Monday, April 16, 2012

A new Twist Collective! Always a happy event.

Little to report. (Sundays tend to be unproductive.) I am a bit further on with the snood. It is very much like Occupational Therapy Day at the care home – me knitting a simple stitch slowly and patiently with my big wooden needles. But 45 stitches isn’t very many, and 16 rows per stripe isn’t very many either, and I’m edging forwards.

I think it will be safe to elongate it somewhat by increasing the width of the pivot-stripes (see yesterday). Four colours, and the thing is an oval, so two of the colours appear only once. A-B-C-D-C-B-(A). With the larger size, you must order extra yarn for the two colours which reappear.

That should mean that I have plenty of yarn to widen the stripes where three strands of A, and later on three of D, are being used together. I have already knit the opening stripe of A, but I can do an extra inch at the end, before grafting end to beginning.

I needed a refresher for the provisional cast-on. My books weren’t as much use as I would have expected, but the internet is all one needs these days, and Google works fine when money isn’t at stake. I wound up with Lucy Neatby on YouTube, crocheting temporary stitches onto the needle – the simplest and safest way. What a nice voice she has!

The retreat to seed stitch leaves nothing very much for the judges to award me a prize for, even if they wanted to. They’re not going to be impressed by fancy-schmancy yarn, and dyers are so clever these days that the merging of colours may look automatic. Still, winning isn’t the point. There are never very many entries in the knitting classes – five or six would be a big field. I’m there to swell the number.

I have resumed the Gibson-Roberts heel – I should never have abandoned it, because now I can’t identify YO’s (or are some of them missing?). I expect some waiting-room time this afternoon. I’ll have to take the book along and go on struggling.

Catdownunder, I don’t think PGR deliberately over-complicated things. Explaining is difficult. A brief overview is often the best way to get one’s mind around a problem, and that’s not easy to do in this case. When you sit down with the book and a sock and start in on it, stitch by stitch, it’s fairly straightforward. Fairly.

Sarah JS, thank you for the hard work, comparing this heel to the Sweet Tomato. The result is interesting – that ST has substantially more rows. Maybe it’s what my husband needs for easy access.


  1. You are right of course. Instructions are difficult to write - although I do think hers could be clearer. I'll try again.

  2. Jean, did you see this?

    I thought of you immediately. What an incredible amount of work! And how cheerful it looks in place.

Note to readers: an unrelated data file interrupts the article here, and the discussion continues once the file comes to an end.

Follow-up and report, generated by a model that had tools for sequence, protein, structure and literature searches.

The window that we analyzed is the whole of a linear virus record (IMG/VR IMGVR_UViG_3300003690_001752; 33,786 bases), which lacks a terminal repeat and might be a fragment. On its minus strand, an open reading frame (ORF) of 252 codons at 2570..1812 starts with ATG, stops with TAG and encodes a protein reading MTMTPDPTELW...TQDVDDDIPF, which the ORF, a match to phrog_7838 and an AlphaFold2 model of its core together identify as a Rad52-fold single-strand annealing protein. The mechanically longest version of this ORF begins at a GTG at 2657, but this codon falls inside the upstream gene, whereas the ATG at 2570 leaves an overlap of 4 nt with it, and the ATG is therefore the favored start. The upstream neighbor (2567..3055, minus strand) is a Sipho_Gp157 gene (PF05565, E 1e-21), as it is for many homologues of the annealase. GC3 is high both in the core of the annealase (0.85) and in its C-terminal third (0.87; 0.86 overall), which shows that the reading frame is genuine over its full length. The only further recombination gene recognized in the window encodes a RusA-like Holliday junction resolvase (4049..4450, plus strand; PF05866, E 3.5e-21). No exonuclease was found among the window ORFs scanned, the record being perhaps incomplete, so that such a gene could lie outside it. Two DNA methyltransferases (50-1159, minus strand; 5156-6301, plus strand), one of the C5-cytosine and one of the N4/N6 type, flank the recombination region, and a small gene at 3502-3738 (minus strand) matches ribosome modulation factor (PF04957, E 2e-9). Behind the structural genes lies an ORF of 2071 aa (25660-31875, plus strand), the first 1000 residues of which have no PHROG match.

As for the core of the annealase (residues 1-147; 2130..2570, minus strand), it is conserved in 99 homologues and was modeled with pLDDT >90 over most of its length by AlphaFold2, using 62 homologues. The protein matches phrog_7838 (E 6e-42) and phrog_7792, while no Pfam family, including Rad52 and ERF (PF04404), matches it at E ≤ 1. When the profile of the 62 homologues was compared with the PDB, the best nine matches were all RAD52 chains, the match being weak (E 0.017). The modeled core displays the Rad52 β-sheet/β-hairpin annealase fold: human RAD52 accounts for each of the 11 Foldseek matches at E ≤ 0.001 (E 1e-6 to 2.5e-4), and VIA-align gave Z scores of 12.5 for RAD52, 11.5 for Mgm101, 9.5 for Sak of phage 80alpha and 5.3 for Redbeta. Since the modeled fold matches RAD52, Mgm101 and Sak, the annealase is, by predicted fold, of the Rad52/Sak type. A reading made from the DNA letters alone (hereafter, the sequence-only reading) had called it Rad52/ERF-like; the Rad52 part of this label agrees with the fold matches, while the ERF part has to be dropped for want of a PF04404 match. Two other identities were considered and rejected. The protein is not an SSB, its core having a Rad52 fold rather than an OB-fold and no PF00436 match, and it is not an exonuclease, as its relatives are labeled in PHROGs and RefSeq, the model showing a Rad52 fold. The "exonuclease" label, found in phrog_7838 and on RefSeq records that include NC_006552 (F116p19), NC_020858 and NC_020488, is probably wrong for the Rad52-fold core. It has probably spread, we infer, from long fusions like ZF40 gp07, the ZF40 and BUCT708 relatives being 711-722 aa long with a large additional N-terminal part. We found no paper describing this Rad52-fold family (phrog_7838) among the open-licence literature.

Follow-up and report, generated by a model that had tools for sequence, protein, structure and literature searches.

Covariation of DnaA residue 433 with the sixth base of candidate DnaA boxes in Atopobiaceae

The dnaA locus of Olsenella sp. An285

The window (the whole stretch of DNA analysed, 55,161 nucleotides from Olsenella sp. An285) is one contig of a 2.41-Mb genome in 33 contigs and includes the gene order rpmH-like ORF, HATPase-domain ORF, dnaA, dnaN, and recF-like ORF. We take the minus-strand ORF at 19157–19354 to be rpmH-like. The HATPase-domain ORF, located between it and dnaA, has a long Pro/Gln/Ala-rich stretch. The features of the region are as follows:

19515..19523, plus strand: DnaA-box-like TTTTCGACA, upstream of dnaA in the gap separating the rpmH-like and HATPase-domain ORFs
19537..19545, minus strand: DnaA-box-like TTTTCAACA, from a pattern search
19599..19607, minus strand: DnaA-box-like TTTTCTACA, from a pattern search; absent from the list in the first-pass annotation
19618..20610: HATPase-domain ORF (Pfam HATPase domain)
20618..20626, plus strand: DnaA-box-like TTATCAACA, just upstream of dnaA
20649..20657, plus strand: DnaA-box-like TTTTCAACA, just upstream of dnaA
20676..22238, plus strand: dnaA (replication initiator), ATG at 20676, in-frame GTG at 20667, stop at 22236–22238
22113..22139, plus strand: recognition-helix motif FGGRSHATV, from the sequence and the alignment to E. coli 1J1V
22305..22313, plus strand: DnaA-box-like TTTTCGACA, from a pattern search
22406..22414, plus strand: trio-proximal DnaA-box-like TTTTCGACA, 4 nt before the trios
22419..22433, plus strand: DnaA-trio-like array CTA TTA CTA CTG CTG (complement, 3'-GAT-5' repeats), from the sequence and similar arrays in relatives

3. Jean,
    Lucy Neatby doesn't just have a nice voice - she IS nice.

    Let me tell you my Lucy story. When I was getting back into knitting after a 20 year hiatus, I decided to take a workshop at the Crafts Council on a felted bag. I showed up to find that the instructor was a nice English lady with magenta hair. Her calmness and humour really helped as I was in way over my head for the level of the class. She had me doing 2 colour, double sided knitting in no time AND with a provisional cast-on.

    Her gentle hints on how to hold the needles and the yarns made sense to me immediately, and she never once mentioned that I was a beginner in an intermediate class. While I was slower than than the other participants, Lucy’s tutelage allowed me to achieve the same results as the more experience knitters.

    Afterward, I casually mentioned to a knitter friend that I was talking a 3 part workshop from an English lady with pink hair. My friend, who knew my level of proficiency, pointed out to me how famous Lucy was.

    I’m glad I was such a clueless newbie. I would never have taken the class if I knew who she was, and would have missed out on one of the best knitting experiences of my life. If Lucy ever comes your way, grab the chance to meet her. She’s marvelous.

  4. I resort to the same Lucy Neatby video every time I need to do a provisional cast-on. I just can't seem to remember how to do it from one time to the next, probably because I don't use it very often. I have some of her DVDs - they were well worth the money I paid for them.

  5. Gerri3:46 PM

    Your comment on Sunday was a good reminder to me--the point used to be that it was an unproductive day, intentionally. (well, except for the woman/women who were involved in getting a big dinner together for unproductive family and visitors!)

  6. Anonymous5:21 PM

    I second everything the others have said in the comments above about Lucy Neatby. Her classes are a wonderful experience, no matter what is the student's knitting skill level. She's patient, welcomes questions at any time, and is very thorough in her explanations. In addition, her DVDs are excellent.

    Mary G. in Texas

  7. I've been meaning to look in my interweave knits to find the relevant issue but alas have not. A few years back there was an abbreviated explanation of PGR heels I found clearer.